Rechts: Die provisorisch aufgestellten Zelte waren zum Bersten voll – hier teilen sich 21 Personen ein Zelt. Links: Ausserhalb des Büros von Dyar Fatah wird für die Flüchtlinge des Camps gekocht. (Fotos: Vager Saadullah).

In überfüllten Lagern ringen vertriebene Jesiden mit Hunger und Wetter. Im Camp Wargehe Delal in der kurdischen Stadt Zakho halten sich rund 6’000 Flüchtlinge der religiösen Gruppe Jesidi auf. Die meisten haben das Martyrium beim Berg Sinjar überlebt, wo anfangs August 100’000 Jesiden Zuflucht vor den IS-Kämpfern gesucht hatten.

Nechirvan Ramazan, ein Geschäftsmann von Zakho, finanzierte die hastige Konstruktion des Lagers. Es ist groß genug um 900 Familien unterzubringen — notdürftig und ungemütlich. “Es fehlt im Lager an Kleidern und Schuhen für [Binnenvertriebene] und manchmal auch an Essen” sagt Dyar Fatah, der 29-jährige ehrenamtliche Verwaltungsleiter des Lagers.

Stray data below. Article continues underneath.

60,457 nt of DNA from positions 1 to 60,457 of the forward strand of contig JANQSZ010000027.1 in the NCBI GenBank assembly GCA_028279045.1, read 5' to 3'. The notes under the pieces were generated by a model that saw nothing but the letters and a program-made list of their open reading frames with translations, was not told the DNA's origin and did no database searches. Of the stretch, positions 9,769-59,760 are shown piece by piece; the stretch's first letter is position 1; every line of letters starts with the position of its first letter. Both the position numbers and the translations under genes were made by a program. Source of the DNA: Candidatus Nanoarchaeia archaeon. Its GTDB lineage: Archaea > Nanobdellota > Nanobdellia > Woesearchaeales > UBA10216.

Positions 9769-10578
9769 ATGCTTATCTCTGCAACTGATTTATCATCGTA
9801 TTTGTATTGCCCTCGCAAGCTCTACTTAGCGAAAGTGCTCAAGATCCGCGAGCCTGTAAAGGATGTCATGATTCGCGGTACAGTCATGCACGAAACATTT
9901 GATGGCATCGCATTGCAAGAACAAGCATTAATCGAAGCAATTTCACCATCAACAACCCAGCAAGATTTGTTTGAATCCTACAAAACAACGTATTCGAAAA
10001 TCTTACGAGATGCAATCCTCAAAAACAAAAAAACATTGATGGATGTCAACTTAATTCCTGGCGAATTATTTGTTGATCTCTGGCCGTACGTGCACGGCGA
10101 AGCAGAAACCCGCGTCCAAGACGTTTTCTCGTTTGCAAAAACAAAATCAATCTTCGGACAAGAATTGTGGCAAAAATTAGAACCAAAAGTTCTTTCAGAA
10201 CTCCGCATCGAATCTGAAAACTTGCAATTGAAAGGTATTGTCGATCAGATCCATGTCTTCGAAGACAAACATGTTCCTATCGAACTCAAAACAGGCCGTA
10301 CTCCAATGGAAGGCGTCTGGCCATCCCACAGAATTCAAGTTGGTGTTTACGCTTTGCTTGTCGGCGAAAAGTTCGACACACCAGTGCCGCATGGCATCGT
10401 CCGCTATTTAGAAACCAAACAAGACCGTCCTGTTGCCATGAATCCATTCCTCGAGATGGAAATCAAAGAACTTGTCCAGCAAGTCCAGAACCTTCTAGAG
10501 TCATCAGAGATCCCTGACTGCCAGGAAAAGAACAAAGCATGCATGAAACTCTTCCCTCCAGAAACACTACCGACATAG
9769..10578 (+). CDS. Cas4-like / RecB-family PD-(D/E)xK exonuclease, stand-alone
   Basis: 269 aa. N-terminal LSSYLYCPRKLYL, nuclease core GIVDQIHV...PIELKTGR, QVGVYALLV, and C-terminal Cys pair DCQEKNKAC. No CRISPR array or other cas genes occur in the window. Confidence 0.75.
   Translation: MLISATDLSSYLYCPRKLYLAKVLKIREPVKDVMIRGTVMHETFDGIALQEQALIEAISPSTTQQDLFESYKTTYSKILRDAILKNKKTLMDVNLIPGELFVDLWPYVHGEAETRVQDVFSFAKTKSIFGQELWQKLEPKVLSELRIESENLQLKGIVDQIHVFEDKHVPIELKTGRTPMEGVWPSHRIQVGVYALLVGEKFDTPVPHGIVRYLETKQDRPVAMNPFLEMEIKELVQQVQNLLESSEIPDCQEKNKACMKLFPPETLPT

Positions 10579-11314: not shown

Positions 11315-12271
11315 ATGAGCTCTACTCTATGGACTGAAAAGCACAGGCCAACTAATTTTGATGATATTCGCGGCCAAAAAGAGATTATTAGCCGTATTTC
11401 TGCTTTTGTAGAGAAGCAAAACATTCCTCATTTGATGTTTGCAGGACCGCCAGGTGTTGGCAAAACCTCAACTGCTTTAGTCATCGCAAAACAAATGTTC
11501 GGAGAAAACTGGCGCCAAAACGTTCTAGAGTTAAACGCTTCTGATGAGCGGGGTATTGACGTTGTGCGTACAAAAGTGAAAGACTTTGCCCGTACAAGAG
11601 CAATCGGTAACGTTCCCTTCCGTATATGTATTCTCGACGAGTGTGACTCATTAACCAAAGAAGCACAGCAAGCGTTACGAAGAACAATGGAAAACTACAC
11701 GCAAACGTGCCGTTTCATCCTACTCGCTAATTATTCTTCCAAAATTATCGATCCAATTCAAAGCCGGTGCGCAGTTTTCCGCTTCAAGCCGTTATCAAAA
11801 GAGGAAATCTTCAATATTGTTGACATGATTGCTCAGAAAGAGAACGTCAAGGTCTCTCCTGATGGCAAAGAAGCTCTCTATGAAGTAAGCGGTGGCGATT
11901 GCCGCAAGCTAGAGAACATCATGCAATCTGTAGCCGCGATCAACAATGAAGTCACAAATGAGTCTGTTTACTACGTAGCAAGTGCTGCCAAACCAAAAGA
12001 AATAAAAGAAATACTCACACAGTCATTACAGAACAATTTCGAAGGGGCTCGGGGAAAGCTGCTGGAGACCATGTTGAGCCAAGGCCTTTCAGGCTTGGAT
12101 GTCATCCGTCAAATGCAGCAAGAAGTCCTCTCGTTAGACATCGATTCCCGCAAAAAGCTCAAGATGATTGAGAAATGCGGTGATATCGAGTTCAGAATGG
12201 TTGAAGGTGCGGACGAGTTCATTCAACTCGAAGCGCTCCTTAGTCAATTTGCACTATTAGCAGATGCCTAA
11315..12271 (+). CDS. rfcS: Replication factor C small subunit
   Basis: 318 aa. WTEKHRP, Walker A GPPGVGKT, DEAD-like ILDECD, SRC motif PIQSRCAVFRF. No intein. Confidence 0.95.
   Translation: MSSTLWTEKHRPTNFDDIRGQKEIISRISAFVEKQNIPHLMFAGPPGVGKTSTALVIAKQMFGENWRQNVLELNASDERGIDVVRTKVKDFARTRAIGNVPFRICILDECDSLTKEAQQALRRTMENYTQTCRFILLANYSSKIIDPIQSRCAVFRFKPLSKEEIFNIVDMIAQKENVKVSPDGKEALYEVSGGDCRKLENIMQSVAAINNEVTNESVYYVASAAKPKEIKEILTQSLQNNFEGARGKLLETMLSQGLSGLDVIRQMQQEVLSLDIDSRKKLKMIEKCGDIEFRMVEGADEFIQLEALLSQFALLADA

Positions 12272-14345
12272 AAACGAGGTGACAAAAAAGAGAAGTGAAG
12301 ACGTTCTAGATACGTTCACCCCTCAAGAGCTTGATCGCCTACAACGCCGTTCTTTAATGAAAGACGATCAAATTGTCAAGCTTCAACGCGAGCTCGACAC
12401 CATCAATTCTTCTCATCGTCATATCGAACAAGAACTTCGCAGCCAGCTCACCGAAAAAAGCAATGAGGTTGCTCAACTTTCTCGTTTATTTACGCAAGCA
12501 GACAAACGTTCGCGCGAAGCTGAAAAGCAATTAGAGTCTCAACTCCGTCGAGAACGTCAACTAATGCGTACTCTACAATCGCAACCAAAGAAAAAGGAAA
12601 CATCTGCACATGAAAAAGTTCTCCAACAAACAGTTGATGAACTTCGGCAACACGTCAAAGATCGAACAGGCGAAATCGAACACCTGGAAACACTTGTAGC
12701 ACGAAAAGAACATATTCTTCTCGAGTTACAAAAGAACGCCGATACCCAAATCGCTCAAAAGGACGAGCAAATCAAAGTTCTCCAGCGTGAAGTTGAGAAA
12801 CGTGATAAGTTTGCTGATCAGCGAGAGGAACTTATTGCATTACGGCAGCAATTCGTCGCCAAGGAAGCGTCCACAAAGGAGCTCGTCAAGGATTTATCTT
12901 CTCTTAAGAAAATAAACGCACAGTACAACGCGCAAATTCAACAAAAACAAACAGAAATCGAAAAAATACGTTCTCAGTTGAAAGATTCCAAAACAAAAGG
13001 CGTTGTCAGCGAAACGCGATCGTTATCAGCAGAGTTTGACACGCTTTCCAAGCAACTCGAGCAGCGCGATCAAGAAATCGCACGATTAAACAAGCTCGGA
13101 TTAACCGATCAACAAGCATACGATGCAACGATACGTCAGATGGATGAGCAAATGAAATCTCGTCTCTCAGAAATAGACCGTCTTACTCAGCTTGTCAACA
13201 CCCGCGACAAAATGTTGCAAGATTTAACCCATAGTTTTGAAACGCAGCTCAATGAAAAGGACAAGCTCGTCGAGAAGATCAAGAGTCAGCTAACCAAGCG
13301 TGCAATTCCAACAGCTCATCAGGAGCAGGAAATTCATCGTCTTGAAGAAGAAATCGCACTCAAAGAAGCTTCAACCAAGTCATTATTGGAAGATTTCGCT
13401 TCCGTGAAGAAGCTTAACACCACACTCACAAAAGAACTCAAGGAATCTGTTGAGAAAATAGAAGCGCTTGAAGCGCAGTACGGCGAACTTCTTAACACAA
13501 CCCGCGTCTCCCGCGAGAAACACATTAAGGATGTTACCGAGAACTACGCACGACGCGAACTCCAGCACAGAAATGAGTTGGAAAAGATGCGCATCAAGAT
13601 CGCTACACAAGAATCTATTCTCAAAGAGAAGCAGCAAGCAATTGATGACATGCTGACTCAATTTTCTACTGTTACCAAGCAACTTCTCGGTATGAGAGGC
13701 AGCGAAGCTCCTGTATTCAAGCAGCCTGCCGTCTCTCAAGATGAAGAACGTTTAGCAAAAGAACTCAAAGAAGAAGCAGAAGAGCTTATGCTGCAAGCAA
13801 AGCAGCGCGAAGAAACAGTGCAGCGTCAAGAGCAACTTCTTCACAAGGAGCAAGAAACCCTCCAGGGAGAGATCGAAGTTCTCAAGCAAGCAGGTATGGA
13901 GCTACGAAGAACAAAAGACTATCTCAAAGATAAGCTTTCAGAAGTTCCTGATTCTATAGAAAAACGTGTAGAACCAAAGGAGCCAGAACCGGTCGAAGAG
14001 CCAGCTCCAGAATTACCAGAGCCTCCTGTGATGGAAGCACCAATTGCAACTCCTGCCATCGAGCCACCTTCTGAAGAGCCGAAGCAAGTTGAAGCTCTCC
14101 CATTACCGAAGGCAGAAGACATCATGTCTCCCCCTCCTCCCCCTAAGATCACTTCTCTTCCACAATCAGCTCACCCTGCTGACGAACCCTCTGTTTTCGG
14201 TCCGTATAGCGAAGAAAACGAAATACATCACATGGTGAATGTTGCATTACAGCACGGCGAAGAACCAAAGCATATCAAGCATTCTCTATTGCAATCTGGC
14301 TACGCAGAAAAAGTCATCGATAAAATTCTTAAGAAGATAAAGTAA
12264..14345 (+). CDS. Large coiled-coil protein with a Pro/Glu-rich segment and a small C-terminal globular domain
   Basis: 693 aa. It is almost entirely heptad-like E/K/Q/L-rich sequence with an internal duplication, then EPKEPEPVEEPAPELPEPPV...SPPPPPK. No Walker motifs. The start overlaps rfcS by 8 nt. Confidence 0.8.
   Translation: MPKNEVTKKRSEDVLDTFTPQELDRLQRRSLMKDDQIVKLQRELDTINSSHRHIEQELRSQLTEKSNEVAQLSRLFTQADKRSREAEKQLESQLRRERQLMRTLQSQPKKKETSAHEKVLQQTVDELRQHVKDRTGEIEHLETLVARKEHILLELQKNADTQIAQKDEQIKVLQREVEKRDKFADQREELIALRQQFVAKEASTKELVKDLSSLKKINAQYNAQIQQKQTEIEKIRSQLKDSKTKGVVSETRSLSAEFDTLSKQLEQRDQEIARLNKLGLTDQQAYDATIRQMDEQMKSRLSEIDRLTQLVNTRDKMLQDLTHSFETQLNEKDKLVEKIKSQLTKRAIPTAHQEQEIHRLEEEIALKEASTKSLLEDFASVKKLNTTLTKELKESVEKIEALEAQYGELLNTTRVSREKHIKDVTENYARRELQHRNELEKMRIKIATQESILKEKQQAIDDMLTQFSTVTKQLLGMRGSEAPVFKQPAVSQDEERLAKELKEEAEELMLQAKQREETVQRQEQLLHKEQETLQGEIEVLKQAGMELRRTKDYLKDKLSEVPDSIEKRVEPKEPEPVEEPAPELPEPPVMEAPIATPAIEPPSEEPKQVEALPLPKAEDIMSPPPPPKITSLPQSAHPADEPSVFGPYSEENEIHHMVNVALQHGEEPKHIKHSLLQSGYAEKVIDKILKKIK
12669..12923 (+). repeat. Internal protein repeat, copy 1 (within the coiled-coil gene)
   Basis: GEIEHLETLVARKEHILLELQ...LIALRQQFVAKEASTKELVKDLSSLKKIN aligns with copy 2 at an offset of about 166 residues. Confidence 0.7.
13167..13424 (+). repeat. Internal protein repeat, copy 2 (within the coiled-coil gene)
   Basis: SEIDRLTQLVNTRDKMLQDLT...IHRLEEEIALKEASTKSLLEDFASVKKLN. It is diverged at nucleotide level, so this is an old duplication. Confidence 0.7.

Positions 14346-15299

Diyar Fatah. photo by Vager Saadullah

Diyar Fatah. (Foto: Vager Saadullah).

Der 27-jährige Xelef Qasim befand sich in der Stadt Sinjar, als die IS-Kämpfer in die Stadt eingedrungen sind. Als er acht Leichen auf der Straße liegen sah, floh er schliesslich. “Ich bin zwei Tage lang von Sinjar nach Siba gelaufen,” erinnert er sich. “Am dritten Tag bin ich am Berg Sinjar angekommen.” Wie er weiter ausführte, verharrte er für vier Tage dort, wobei er die ersten drei Tage weder zu essen noch zu trinken gehabt hatte. “Wir gaben einfach alles was wir hatten den Kindern, damit sie überleben konnten.”

Als amerikanische Flugzeuge und irakische Hubschrauber Nahrungsmittel und Trinkwasser mit Fallschirme auf den Berg abgeworfen hatten, wurde die Situation etwas besser. Wegen den vielen Flüchtlingen auf dem Berg blieb die Versorgung jedoch spärlich.